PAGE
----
Friday 29 March 2024

NI church leaders use Easter messages to call for hope against injustice

Easter Concert and Paschal Fire at Parliament Buildings - The United  Diocese of Down And Dromore (Church of Ireland - Anglican/Episcopal)

Church leaders have emphasised hope in times of darkness and injustice in their Easter messages.

Presbyterian Moderator Dr Sam Mawhinney reflected on the grievances of the sub-postmaster scandal highlighted by the ITV drama Mr Bates vs the Post Office. 

Stating how he believes “the best dramas are those based on true-life events”, he said: “Its themes of injustice and guilt and how lives are destroyed by these realities resonated deeply.

“The story pictured for many the despair they feel at the difficulties and injustices faced in life, highlighted the disconnect between the powerful and the weak, the rich and the poor, as it portrayed the frustration and anger at the lack of accountability and leadership of those tasked to lead us.”

Dr Mawhinney also highlighted that Easter brings hope, fighting the despair many of us feel with the direction that society seems to be going in.

He said: “A lack of concern for others, the existential threats of war and climate change, the growing divide and inequality between rich and poor, relentless change and growing extremism, persecution of people of faith, and a challenge to Christian values at home.

“As the world becomes darker, I am increasingly confident of the confidence that we can have in Jesus, and I want to draw you to another story that is incredible, unbelievable even, but is our only hope and confidence.

“A light in the darkness, forgiveness from guilt, hope in despair and life in death. It is of course the drama of the death and resurrection of Jesus Christ.”

In Armagh, Catholic Archbishop Eamon Martin and Church of Ireland Archbishop John McDowell issued a joint message.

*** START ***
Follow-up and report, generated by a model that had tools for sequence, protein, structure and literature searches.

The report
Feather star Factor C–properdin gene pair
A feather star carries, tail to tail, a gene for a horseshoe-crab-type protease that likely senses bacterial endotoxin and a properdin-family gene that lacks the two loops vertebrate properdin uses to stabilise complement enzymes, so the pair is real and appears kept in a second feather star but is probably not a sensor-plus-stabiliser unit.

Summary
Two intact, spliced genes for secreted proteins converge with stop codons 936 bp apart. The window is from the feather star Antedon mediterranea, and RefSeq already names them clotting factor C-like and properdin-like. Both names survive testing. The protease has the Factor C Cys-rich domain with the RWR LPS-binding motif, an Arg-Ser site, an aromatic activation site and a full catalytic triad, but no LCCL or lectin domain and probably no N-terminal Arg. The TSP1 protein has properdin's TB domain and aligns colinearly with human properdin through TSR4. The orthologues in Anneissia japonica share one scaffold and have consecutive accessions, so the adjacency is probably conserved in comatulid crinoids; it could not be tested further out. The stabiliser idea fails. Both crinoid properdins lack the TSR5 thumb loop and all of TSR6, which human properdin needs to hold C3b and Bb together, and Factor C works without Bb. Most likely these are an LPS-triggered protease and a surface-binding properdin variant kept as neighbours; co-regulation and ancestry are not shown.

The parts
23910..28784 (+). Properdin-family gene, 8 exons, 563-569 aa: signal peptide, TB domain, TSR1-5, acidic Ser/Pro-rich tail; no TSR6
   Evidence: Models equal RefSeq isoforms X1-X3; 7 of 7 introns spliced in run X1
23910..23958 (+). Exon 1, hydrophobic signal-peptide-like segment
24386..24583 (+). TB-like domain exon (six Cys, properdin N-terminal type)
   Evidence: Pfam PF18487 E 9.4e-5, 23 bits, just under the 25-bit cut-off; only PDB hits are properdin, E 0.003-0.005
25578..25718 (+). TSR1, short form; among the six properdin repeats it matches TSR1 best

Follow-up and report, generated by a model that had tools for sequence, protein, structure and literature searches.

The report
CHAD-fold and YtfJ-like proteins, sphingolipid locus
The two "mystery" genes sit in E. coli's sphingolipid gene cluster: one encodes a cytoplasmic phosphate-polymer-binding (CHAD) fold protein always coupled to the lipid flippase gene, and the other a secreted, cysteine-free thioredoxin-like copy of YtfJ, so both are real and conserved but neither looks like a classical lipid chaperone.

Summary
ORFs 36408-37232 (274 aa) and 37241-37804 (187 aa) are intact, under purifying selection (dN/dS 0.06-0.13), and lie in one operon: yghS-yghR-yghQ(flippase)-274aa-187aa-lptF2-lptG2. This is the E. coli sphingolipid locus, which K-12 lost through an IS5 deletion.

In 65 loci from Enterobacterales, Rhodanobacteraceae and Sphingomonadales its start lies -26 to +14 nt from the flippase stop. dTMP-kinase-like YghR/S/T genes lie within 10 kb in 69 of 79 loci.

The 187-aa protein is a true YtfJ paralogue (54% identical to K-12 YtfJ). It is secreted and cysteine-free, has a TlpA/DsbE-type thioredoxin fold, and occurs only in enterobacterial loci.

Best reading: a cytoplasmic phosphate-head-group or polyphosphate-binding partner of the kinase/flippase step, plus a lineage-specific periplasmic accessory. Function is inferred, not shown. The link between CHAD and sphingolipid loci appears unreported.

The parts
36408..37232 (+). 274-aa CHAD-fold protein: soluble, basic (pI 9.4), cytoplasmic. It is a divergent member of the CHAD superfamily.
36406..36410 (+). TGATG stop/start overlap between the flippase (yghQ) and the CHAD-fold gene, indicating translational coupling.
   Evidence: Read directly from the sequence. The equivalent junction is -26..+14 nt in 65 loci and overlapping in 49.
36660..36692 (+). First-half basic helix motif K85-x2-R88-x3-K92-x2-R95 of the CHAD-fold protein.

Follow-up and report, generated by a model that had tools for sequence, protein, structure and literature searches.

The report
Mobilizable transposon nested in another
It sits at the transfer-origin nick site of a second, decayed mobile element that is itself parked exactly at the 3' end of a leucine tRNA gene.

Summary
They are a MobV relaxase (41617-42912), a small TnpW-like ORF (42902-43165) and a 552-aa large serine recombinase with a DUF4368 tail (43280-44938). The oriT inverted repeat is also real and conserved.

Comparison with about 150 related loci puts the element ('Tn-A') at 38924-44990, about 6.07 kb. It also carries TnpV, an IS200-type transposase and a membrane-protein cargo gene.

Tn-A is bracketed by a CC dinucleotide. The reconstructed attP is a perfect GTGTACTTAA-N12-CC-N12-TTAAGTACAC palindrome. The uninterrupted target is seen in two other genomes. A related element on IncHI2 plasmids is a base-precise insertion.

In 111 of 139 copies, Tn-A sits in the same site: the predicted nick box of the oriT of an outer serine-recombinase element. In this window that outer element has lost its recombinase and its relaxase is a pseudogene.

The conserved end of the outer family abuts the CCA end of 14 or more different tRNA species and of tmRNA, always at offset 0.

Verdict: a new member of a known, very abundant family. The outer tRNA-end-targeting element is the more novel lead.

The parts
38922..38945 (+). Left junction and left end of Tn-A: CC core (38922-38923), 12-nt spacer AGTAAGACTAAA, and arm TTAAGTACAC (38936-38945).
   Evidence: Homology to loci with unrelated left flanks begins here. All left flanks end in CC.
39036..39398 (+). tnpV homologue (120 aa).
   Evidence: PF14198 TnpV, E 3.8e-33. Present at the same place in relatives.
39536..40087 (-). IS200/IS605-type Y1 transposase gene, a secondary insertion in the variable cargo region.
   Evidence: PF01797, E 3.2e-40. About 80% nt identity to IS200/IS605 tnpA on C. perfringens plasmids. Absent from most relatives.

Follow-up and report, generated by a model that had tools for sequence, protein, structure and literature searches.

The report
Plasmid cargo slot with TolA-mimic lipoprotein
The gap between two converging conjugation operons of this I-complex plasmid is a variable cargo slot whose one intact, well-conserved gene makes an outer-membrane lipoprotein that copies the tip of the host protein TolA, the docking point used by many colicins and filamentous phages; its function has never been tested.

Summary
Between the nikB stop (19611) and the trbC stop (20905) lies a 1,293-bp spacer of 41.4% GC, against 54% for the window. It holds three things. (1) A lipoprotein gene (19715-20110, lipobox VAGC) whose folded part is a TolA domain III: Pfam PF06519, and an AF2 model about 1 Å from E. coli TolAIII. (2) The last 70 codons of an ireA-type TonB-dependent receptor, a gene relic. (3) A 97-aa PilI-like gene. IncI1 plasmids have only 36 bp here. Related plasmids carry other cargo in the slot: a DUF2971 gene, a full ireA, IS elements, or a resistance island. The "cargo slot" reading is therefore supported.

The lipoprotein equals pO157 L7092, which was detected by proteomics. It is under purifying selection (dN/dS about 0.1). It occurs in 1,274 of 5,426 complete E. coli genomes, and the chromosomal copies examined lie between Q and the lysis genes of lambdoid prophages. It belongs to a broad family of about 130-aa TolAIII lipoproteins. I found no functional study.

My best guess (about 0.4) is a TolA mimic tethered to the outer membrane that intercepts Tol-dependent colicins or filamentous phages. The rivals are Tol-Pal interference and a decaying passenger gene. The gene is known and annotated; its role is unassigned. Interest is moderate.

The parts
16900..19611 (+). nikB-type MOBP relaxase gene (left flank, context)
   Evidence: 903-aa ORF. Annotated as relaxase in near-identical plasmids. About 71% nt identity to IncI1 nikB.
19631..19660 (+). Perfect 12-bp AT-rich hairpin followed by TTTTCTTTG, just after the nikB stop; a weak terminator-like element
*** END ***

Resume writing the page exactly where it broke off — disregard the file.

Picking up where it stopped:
They said: “This time last year, when we marked the 25th anniversary of the signing of the Belfast/Good Friday Agreement, we asked people to remember what a significant and gracious achievement that was.

“Among its many virtues it carried the message of reconciliation and held out the promise of a truly reconciled society in Northern Ireland and within the totality of relationships across these islands.

“One year on, rather than simply re-emphasising the message of reconciliation, we prefer — in all humility and admitting our own failings — to call Christians, and all people of goodwill, to the ministry of reconciliation.

“Reconciliation is not merely an optional extra to the work of peacemaking; it is an imperative — an essential duty and service.

“We are thankful these days for having recently witnessed in Northern Ireland ‘a little resurrection’ of certain institutions, which in themselves are necessary but which in reality are impotent things without the ministry of reconciliation which we each hold in our hands.”

All the churches will have a range of services over the weekend to celebrate the season.Early morning services on Easter Sunday will be even earlier than usual, however, as the clocks go forward at 1am.

On Good Friday, Dr Heather Morris, Methodist General Secretary, will be speaking during a three-hour service in St Anne’s Cathedral from noon.St Anne’s will hold their Easter Vigil at 8pm on Saturday night, and Easter Morning Eucharist will start at 11am on Sunday.

St Peter’s Cathedral will have their Easter Vigil at 9pm on Saturday and start Mass at 10am on Sunday which will be broadcast live on Radio Ulster.

The Presbyterian Church is hosting dawn services throughout Ireland, with venues and times available at